The impact of outdoor walking surfaces on lower-limb coordination and variability during gait in healthy adults
Article [Accepted Manuscript]
Is part ofGait and posture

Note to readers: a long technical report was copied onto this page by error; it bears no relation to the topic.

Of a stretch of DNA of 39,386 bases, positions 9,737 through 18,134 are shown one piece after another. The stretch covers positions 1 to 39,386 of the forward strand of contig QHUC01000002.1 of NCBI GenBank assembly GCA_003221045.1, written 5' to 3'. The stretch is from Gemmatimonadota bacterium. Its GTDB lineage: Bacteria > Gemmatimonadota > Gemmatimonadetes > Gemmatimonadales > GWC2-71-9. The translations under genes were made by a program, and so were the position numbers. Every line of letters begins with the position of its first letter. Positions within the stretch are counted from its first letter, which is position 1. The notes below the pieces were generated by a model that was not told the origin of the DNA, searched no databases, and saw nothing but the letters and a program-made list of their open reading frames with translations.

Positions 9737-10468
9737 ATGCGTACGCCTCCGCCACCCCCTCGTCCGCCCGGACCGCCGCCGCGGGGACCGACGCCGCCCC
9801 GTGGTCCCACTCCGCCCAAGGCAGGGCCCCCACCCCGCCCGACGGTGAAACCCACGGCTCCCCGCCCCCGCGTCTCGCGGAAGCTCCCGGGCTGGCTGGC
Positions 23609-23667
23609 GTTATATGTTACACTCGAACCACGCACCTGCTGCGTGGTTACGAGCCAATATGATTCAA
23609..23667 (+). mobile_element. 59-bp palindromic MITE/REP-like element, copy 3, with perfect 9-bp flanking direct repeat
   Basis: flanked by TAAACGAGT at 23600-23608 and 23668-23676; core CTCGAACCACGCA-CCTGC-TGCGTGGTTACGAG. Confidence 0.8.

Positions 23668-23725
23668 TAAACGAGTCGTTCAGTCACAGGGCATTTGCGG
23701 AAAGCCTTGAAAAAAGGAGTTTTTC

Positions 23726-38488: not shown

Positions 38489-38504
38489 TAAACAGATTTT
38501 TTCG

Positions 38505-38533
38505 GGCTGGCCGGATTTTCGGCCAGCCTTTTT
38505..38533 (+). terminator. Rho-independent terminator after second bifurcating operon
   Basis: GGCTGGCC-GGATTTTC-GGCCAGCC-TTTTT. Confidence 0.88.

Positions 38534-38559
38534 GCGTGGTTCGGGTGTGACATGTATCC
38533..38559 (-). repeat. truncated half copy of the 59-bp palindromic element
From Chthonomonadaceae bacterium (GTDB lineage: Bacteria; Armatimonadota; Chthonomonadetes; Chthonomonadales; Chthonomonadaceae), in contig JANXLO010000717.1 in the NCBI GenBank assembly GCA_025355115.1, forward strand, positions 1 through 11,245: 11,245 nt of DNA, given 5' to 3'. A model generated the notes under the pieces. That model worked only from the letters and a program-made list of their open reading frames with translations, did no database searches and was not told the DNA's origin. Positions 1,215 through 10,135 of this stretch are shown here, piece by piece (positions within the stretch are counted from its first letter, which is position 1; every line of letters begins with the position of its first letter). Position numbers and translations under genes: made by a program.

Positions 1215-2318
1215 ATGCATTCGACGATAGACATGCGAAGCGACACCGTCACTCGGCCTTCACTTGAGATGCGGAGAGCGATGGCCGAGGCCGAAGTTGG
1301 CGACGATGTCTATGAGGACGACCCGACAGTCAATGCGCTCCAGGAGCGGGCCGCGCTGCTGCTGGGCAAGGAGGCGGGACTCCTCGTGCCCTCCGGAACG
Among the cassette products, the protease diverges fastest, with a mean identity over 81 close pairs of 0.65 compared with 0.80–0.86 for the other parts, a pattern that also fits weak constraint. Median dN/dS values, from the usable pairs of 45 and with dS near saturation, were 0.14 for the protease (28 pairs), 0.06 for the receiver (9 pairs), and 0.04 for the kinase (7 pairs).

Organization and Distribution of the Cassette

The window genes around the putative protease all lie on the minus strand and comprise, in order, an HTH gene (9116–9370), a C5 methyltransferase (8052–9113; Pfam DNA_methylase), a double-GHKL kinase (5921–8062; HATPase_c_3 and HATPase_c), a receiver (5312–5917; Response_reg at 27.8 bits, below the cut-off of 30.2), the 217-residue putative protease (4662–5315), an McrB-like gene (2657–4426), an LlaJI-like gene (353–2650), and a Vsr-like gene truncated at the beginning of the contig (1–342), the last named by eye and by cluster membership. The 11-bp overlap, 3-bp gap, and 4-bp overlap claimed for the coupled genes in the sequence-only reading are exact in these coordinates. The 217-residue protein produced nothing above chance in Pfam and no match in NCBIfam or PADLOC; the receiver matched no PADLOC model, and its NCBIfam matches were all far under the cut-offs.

Background Inter-joint coordination and variability during gait provide insight into control and adaptability of the neuromuscular system. To date, coordination research has been restricted to laboratory settings, and it is unclear how these findings translate to real-world, outdoor walking environments. Research Question Compared to flat walking, to what extent do outdoor surfaces impact lower-limb inter-joint coordination and variability during gait, in healthy adults? Methods Data from inertial measurement units placed on the lower-back, thigh, and shank were extracted from thirty healthy young adults (15 females, 23.5 ± 4.2 years) during outdoor walking on flat (paved sidewalk); irregular (cobblestone, grass); sloped (slope-up, slope-down); and banked (banked-right, banked-left) surfaces. Sagittal joint angles for the right knee and hip were computed and partitioned by gait phase (stance and swing). Continuous Relative Phase analysis determined inter-joint coordination and variability for the knee-hip joint pair using Mean Absolute Relative Phase (MARP) and Deviation Phase (DP), respectively. One-way repeated measures ANOVAs tested surface effects. Post-hoc Bonferroni adjusted surface comparisons were assessed. Results Significant knee-hip surface effects were seen during all gait phases for MARP (p < 0.001) and DP (p ≤ 0.001). Compared to flat walking, grass prompted more in-phase coordination (smaller MARP) during stance and swing phase (p ≤ 0.003). Slope-up caused more in-phase coordination during stance (p < 0.001), while slope-down caused more out-of-phase coordination during stance and swing (p ≤ 0.003), compared to the flat surface. Sloped surfaces prompted more variable (larger DP) knee-hip coordination (p ≤ 0.001), compared to flat walking during stance and swing phase. Significance Compared to flat walking, changes in knee-hip coordination and variability were greatest on slope-up/slope-down surfaces. This could reflect greater changes in lower-limb kinematics on sloped surfaces and/or a neuromuscular response to the demands of a more challenging task.